You wouldn’t think there’d be much new to discover about a band that’s been around for nearly half a century. But “Amazing Journey: The Story of the Who” — a two-disc, four-hour DVD chronicle of one of the most extensively documented groups of the ’60s and ’70s — actually does contain some illuminating elements. (The first disc is a self-contained documentary, which will air on VH1 Saturday at 9 pm; the DVD set goes on sale in stores next Tuesday.)
One such element is an eight-minute swatch of film that, until recently, no one had laid eyes on for 43 years. It shows a band called the High Numbers performing in the back room of a grotty North London pub called the Railway Hotel and Lounge in August of 1964. The Railway was a hangout for Mods, a species of youth distinguishable from their greasy antagonists, the Rockers, by an affinity for stylish suits, cool scooters, brain-revving amphetamines and American R&B music. At the time, the Mods were news — in May, hundreds of them had clashed with gangs of Rockers in knife-wielding, bottle-throwing riots at Brighton, Margate and other English seaside resorts. In cultural terms, the Rockers were on their way out; but the Mods were clearly on the rise.
This inspired a pair of young filmmakers, Kit Lambert and Chris Stamp, to try to capture the mod moment and to find an unknown band to embody it. At the Railway, they found and filmed the High Numbers: 20-year-old singer Roger Daltrey, who’d started the group; guitarist Pete Townshend and bassist John Entwistle, both 19; and recently recruited 17-year-old drummer Keith Moon. They were perfect — Daltrey in his wraparound shades; Townshend with his slick Rickenbacker guitar, looking vaguely angry; Entwistle barely moving; Moon doing quick, intricate things on drums. On the night that Lambert and Stamp filmed them, the band adhered to the mod R&B ethos, playing Jessie Hill’s “Ooh Poo Pah Doo” and the Miracles’ “I Gotta Dance to Keep from Crying.” Presumably they played a number of other songs too, but we’ll never know what they were.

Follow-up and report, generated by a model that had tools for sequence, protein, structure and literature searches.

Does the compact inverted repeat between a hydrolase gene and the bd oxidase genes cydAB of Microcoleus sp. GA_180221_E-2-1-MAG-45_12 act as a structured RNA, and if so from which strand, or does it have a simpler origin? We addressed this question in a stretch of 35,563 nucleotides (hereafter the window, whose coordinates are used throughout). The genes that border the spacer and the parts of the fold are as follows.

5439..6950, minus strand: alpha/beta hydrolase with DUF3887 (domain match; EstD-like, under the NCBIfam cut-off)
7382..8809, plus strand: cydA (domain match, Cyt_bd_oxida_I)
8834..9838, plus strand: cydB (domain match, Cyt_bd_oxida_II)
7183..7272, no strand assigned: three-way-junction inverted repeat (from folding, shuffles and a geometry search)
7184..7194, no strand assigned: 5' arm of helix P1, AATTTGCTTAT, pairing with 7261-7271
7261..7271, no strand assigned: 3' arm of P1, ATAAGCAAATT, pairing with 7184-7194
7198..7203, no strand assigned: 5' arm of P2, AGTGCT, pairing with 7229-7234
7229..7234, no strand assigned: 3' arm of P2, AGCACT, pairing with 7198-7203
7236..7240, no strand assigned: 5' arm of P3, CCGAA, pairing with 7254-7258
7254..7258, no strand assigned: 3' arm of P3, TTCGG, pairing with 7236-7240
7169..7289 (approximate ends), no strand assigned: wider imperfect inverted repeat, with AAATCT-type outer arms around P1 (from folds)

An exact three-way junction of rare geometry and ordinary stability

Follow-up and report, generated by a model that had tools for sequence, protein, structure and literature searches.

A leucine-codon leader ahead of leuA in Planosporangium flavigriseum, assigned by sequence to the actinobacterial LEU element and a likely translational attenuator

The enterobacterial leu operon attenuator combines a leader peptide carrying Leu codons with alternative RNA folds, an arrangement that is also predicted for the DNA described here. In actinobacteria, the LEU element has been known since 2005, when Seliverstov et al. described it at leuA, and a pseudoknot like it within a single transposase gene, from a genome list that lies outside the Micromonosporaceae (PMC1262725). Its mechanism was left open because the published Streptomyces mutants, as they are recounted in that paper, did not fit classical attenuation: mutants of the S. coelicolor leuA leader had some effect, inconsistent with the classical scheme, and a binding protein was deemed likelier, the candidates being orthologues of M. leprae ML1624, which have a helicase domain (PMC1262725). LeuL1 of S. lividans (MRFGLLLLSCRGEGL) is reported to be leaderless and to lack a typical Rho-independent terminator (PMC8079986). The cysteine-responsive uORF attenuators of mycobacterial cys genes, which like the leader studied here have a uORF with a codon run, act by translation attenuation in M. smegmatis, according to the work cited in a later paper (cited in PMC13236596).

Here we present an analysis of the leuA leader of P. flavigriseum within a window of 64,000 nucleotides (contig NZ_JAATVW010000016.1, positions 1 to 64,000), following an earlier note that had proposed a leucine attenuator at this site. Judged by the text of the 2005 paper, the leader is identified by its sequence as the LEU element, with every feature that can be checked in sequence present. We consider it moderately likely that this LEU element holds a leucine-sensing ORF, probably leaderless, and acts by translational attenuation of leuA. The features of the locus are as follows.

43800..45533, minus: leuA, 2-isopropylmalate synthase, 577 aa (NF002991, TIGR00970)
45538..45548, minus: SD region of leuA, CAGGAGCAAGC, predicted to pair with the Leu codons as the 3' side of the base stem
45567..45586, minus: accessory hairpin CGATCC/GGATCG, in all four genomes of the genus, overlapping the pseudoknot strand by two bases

Lambert and Stamp soon became the High Numbers’ managers and changed the group’s name back to the Who, a handle under which they’d briefly done business earlier. The movie the two filmmakers had begun was never completed, and the footage disappeared for decades. Then, a few years ago, a retired Dutch TV producer found a can of film in his attic labeled “High Numbers,” which contained the footage of the band doing the two songs cited above. He contacted the Who, the film was given an expert digital clean-up, and now here it is. Quite a story.
“It is great, isn’t it?” Pete Townshend said in a recent e-mail exchange with MTV News. He noted, however, that he was only peripherally involved in creating the two-hour documentary that makes up the first disc of “Amazing Journey.” The heavy lifting for the project was done by its producers, longtime Who manager Bill Curbishley and filmmakers Robert Rosenberg and Nigel Sinclair. “I run the Who film archive,” Townshend said, “and they’ve been knocking at my door asking for stuff for the last five years. I was not involved in production.”
The documentary is straightforward in its chronology, and plump with concert footage, from Monterey and Woodstock up through the Concert for New York City at Madison Square Garden on October 20, 2001, where a packed house of police, firefighters and 9/11 rescue workers gave the band what must have been one of the most resounding ovations of its career. (That show was also one of the Who’s last with John Entwistle, who died in Las Vegas the following June in sad but classic fashion: of a heart attack precipitated by cocaine while in bed with a woman of his recent acquaintance.)